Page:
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IFA President Jim Shaw to oversee Windsor Park opening

By Steven Beacom

Irish Football Association President Jim Shaw is set to retain his position for the official opening of the new Windsor Park and the 2016 European Championship finals should Northern Ireland qualify.

Shaw’s five year tenure was due to end in 2015, but a change in the IFA’s Articles of Association allows those who enter office in mid term, as Shaw did in 2010 replacing Raymond Kennedy, to remain in place for a further 12 months if they are elected.

The Belfast Telegraph understands that will be the case for Shaw with nobody willing to oppose him continuing for another year at the IFA’s AGM next June.

It means he will be President when the new stadium at Windsor is completed in November 2015 and an agreement will be reached for him to be in the role for the Euro 2016 finals in France, when hopefully Michael O’Neill’s men will have qualified for their first tournament since 1986.

This would delay the controversial David Martin his chance of being elected as President, but there are suggestions from his camp that having Shaw help oversee what could be two of the biggest events in IFA history would be an acceptable and fair scenario for all concerned.

Shaw, of course, has to agree to continuing his role as the figurehead of the IFA, but his supporters are confident that will happen which will go down well with the Department of Culture, Arts and Leisure (DCAL) who provided £25million for the reconstruction work to turn Windsor into a 21st century stadium with an 18,000 capacity.

Well respected in government circles, Shaw is also seen by the Northern Ireland fans as a man they can do business with.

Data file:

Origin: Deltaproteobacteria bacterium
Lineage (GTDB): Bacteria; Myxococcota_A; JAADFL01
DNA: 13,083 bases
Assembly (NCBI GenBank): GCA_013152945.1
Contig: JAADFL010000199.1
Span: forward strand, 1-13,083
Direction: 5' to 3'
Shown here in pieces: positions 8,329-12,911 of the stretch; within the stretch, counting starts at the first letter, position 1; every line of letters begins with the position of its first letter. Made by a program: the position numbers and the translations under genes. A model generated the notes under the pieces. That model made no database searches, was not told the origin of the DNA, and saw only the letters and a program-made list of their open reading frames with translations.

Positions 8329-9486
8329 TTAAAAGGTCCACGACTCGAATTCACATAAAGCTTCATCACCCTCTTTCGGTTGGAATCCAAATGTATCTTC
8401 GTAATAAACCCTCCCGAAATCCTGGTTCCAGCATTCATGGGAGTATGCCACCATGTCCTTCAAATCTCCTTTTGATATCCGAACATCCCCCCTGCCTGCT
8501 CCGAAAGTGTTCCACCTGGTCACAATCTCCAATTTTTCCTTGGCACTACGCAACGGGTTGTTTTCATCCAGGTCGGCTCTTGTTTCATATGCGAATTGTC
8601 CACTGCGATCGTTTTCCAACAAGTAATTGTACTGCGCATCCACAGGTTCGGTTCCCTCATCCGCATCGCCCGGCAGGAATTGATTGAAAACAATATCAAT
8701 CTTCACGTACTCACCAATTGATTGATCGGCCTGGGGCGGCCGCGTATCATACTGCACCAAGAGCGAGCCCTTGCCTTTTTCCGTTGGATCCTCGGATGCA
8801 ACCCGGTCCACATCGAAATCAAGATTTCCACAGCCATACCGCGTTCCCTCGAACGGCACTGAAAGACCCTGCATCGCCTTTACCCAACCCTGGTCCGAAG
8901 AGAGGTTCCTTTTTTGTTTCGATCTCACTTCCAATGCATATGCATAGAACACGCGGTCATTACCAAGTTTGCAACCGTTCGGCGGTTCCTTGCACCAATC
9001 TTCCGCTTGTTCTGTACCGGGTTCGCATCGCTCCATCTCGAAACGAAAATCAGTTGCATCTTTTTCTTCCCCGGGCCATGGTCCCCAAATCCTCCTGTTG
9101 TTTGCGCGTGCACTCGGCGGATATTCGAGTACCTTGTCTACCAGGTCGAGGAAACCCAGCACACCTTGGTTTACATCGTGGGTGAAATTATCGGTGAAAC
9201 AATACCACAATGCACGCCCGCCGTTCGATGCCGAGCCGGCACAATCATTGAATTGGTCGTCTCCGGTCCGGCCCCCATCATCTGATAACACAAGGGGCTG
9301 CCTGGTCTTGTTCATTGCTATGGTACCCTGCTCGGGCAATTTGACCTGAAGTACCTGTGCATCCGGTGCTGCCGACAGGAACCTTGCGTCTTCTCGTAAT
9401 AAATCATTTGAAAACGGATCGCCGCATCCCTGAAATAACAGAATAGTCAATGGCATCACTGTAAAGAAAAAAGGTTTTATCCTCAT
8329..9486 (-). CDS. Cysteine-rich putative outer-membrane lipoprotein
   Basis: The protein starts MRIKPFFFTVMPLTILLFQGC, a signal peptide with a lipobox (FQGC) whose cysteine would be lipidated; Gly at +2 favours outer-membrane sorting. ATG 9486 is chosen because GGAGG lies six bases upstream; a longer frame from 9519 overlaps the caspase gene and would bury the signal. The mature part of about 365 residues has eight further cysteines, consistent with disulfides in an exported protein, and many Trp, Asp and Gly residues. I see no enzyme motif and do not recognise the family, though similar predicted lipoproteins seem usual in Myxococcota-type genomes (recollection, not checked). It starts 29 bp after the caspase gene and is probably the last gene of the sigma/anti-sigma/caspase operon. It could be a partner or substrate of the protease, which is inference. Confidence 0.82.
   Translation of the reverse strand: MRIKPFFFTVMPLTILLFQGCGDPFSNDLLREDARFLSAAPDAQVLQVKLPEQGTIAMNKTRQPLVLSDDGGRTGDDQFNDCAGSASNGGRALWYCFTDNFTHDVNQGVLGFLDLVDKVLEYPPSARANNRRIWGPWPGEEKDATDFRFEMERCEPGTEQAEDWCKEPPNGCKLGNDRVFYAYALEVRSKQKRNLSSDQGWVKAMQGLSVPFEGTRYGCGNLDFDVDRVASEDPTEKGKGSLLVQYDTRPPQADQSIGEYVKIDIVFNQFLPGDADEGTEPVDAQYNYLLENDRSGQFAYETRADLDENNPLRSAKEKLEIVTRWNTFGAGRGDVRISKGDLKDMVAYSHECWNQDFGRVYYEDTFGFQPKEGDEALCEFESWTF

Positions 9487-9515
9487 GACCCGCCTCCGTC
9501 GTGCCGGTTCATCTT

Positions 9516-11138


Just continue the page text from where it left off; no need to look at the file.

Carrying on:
Sometimes derided for their decision making, the IFA sticking with Shaw until 2016 would appear to be a common sense approach.

Shaw took over the President’s post after Kennedy and Martin, then the IFA treasurer, left the Association in 2010 with the Sports Minister at the time, Nelson McCausland, making it clear that no money would be handed over for the re-development of Windsor Park while the pair were still in office.

Kennedy and Martin had been strongly criticised in an independent report into the unfair dismissal of Chief Executive Howard Wells in 2008, costing the IFA a whopping £500,000.

At a time when a steady hand was required, Shaw provided it, steering the governing body through some stormy waters.

Shaw took over in November 2010 when the five year limit for an IFA President was in place.

IFA members have since agreed that any President coming in mid term should finish the year until June before being given the opportunity to complete their five year service, which for Shaw can effectively deemed to have started in June 2011 allowing him to go until 2016.

Following his departure four years ago, Martin returned to the IFA as First Deputy President in 2013, after the IFA decided government requested competency tests did not have to be passed to become an office bearer.

Sports Minister Caral Ni Chuilin was far from happy with the development and at one stage she threatened to pull the plug on the millions for Windsor unless the IFA could display ‘appropriate governance’.

With the issues between DCAL and the IFA resolved, the Windsor Park re-development went ahead.

Martin remains in line to replace Shaw in 2016 unless a challenge is mounted.

Belfast Telegraph Digital

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